Homeowners working with a contractor to install a patio should discuss firepit installation with the contractor to ensure it factors into the paver patio cost and they don't face a surprise bill later.

Yard Area Placement and Prep

Preparation is necessary for placement in the middle of the yard. Things to consider:

  • Location of nearby trees. No overhanging branches.

  • Presence of dry brush. Cleared of brush to prevent the spread of fire to other parts of the yard.

  • Slope. Yard must be level where the unit will sit

  • Drainage. Use this in a part of the yard where water pools or creates puddles to avoid sitting the bricks in excess moisture

Some save money on patio installation costs. Those who want to cook on their patio may benefit from investing in an outdoor kitchen installation rather than a firepit.


Your area may require a permit, depending on the type of firepit. A standalone above-ground unit that burns wood or propane is unlikely to need a permit, while an electric ignition or gas-burning unit likely will need one. 

Laws about who can get the permit and associated costs vary by location. If you live in areas of increased fire risk, expect tight regulations about the allowable size, fuel type, and placement.

Additional Features

Many homeowners choose to install other features that make the firepit safer, more enjoyable, and convenient for all.

Seating area: $2,500, depending on the type of seating and materials used.

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Custom Built vs. Kits vs. Above-Ground Firepits

Custom-built units are the most expensive but most popular, offer the best resale value, and give you a permanent, custom structure you can enjoy for years. Prefab units are less costly but often less sturdy. They tend to be more budget-friendly and high-end models come in the form of a fire table rather than a barrel-like firepit.

In-Ground Units with Inserts

This type of product can cost $3,000 or more, depending on the size of the pit, type of inserts installed, and other features. Custom-built in-ground units with inserts are by far the most expensive type of firepit. 

Custom-built products are always more expensive because they require the contractor to design a structure from scratch. Inserts like a gas burner and electric ignition are also costly because they must connect to the home's gas and electrical line. 

Prefab or Pre-Made Firepit Kits

The average cost of a kit is between $500 and $600. Many companies make prefab kits that a contractor or a homeowner with DIY experience can assemble. Some pre-made kits come with everything you'll need. Others allow the buyer to pick and choose components for a customized look.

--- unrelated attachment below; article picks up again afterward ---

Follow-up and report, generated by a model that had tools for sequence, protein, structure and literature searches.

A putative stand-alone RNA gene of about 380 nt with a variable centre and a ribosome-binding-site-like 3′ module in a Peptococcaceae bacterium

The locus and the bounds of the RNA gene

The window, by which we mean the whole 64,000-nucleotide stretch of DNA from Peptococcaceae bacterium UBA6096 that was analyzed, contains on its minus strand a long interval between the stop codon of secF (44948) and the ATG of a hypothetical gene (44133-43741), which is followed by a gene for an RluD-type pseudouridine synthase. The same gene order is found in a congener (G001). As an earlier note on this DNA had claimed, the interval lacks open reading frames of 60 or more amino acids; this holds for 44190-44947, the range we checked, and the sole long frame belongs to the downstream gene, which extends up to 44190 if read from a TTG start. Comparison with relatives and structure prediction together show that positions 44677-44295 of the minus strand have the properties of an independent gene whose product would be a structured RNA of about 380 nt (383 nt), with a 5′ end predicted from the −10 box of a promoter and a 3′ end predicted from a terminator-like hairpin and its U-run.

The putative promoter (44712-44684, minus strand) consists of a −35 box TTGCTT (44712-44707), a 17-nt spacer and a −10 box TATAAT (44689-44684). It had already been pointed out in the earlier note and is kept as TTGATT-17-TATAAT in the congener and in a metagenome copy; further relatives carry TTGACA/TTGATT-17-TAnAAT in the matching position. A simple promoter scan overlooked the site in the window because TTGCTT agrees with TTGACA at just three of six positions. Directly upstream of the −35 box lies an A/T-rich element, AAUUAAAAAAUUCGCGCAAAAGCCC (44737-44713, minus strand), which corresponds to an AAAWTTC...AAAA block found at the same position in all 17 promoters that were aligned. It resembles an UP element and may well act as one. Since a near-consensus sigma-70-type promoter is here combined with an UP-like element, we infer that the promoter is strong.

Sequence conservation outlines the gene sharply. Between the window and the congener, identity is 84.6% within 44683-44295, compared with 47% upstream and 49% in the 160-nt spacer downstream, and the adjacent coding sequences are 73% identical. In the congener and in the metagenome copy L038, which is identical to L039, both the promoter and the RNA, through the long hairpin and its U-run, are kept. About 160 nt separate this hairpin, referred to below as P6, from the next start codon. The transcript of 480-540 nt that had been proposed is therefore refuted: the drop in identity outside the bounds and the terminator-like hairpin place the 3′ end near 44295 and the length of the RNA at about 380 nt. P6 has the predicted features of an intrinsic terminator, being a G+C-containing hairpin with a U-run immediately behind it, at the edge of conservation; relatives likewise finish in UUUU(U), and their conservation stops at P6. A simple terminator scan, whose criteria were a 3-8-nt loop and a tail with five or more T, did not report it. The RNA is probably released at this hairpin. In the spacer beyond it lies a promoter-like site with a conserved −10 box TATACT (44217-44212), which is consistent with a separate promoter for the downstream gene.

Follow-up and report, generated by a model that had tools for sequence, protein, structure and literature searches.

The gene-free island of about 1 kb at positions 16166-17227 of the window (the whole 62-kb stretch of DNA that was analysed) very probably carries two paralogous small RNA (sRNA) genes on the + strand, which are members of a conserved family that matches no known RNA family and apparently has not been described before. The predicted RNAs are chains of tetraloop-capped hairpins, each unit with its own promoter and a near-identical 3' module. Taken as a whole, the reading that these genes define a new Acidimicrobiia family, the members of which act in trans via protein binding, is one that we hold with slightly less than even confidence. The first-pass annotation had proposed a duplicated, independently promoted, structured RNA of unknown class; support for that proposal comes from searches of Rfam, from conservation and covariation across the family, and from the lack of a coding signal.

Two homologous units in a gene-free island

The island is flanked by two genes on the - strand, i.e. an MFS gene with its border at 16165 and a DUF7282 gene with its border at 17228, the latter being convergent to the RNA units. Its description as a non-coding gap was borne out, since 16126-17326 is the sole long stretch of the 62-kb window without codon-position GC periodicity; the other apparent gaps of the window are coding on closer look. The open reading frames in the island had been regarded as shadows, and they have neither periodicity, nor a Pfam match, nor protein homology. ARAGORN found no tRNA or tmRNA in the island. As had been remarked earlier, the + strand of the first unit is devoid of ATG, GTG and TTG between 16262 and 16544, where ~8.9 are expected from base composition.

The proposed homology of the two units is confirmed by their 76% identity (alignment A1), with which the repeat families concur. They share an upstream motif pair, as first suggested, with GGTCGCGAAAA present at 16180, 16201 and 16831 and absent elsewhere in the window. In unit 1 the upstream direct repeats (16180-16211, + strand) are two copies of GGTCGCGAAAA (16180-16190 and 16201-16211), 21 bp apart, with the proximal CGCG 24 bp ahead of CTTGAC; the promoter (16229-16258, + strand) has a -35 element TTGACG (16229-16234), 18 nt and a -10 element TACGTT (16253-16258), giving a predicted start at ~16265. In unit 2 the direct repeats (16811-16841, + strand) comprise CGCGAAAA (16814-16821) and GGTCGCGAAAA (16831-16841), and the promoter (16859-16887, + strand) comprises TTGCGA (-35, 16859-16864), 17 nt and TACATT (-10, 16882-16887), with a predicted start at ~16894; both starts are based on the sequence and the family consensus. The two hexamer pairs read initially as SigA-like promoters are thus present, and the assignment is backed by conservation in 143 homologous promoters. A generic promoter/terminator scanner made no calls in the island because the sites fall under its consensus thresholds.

Prefabricated kits that claim to come with everything often lack certain accessories (such as grate, screen) that homeowners want to make their firepit safer or more convenient. Homeowners should read the descriptions of each kit carefully to ensure that it has everything they need to start.

Above Ground Firepit Price

An above-ground unit that does not need assembly is often less expensive than models that do. These products are often portable, easy to set up, and far less sturdy than assembly-required structures. 

Some products are as simple as a metal bowl on legs, costing around $60 or $70. Others may have the look of a built-in firepit and can cost a few hundred dollars. These units are typically available at home improvement centers.

DIY vs. Hiring a Pro to Install a Firepit

While DIY firepit installation can cost a lot less than a contractor-installed, homeowners who plan to install their own unit must make sure that installation abides by local building codes. If the fuel type requires a connection to the home's electricity or gas, work with a licensed plumber and/or electrician for safe, up-to-code installation. We do not recommend DIY gas and electric installation. DIYers are responsible for getting their own permits.

Incorrectly installed units may be a safety risk for anyone nearby. There are many ways that a firepit can create safety hazards, including:

  1. Soft stones can explode when used to line a firepit.

  2. The gas could leak, or the electric ignition could cause injury to the person using the pit.

  3. A homeowner could become injured by moving heavy stones on their own.

A DIYer who installs their own firepit could do so for as little as $200. However, that money could go to waste if improperly installed. A contractor who installs a firepit will charge significantly more. However, you ensure stable, safe, and long-lasting installation. Homeowners who plan to install their own structure and learn more about the safety aspect can check firepit safety information online before getting started.

Tools Needed to Install Firepit

Fast-set concrete$5 per 50-pound bag
Mortar mix$6 per 60-pound bag
Masonry jointer$6
Measuring tape$25
1/2-inch rebar$0.75 per foot

A homeowner who hires a contractor will not pay for these because materials are usually a line item in the contract and most pros will supply their own tools.

Working with a Contractor

Homeowners hoping to hire a professional contractor can find the best person for the job by checking references and viewing pictures of earlier work. Homeowners should check a pro's license, insurance, and bond before signing a contract. Awards and accolades from local organizations can also be a good indicator of contractor quality. Contact contractors in your area to get your project done.

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How big should I make a firepit?

You can make a firepit as big as you want, but they're most commonly between 36 and 48 inches, inner diameter. That size provides plenty of space for a decent fire while keeping everyone close enough to enjoy each other's company. How big you build your firepit depends on how many people you plan to entertain, how much space you have, and what the regulations are in your area.

What goes in the bottom of a metal firepit?

Usually, sand goes in the bottom of a metal firepit to evenly distribute heat and protect the metal base. Next goes a layer of gravel, lava rocks, or firepit glass. You can also use fire bricks, although these are more common around the sides.

What is the best material for firepits?

The best material for a firepit depends on your budget and the look you want. Natural stone and brick are costly, but they offer a high-end look and a strong resale value. Metal firepits and concrete blocks are simple and budget-friendly.

Where should I put a firepit on my property?

Where you should place a firepit depends on your local regulations. Many areas have guidelines about how close a firepit can be to another structure. In general, the rule is 10 to 15 feet, but it's a good idea to check with your municipality.

How much does a patio with a firepit cost?

It typically costs $6,750 to build a patio with a firepit. While more expensive than a standalone firepit patio, building the two together does save money over building each separately. Plus, having a patio with built-in firepit increases resale value.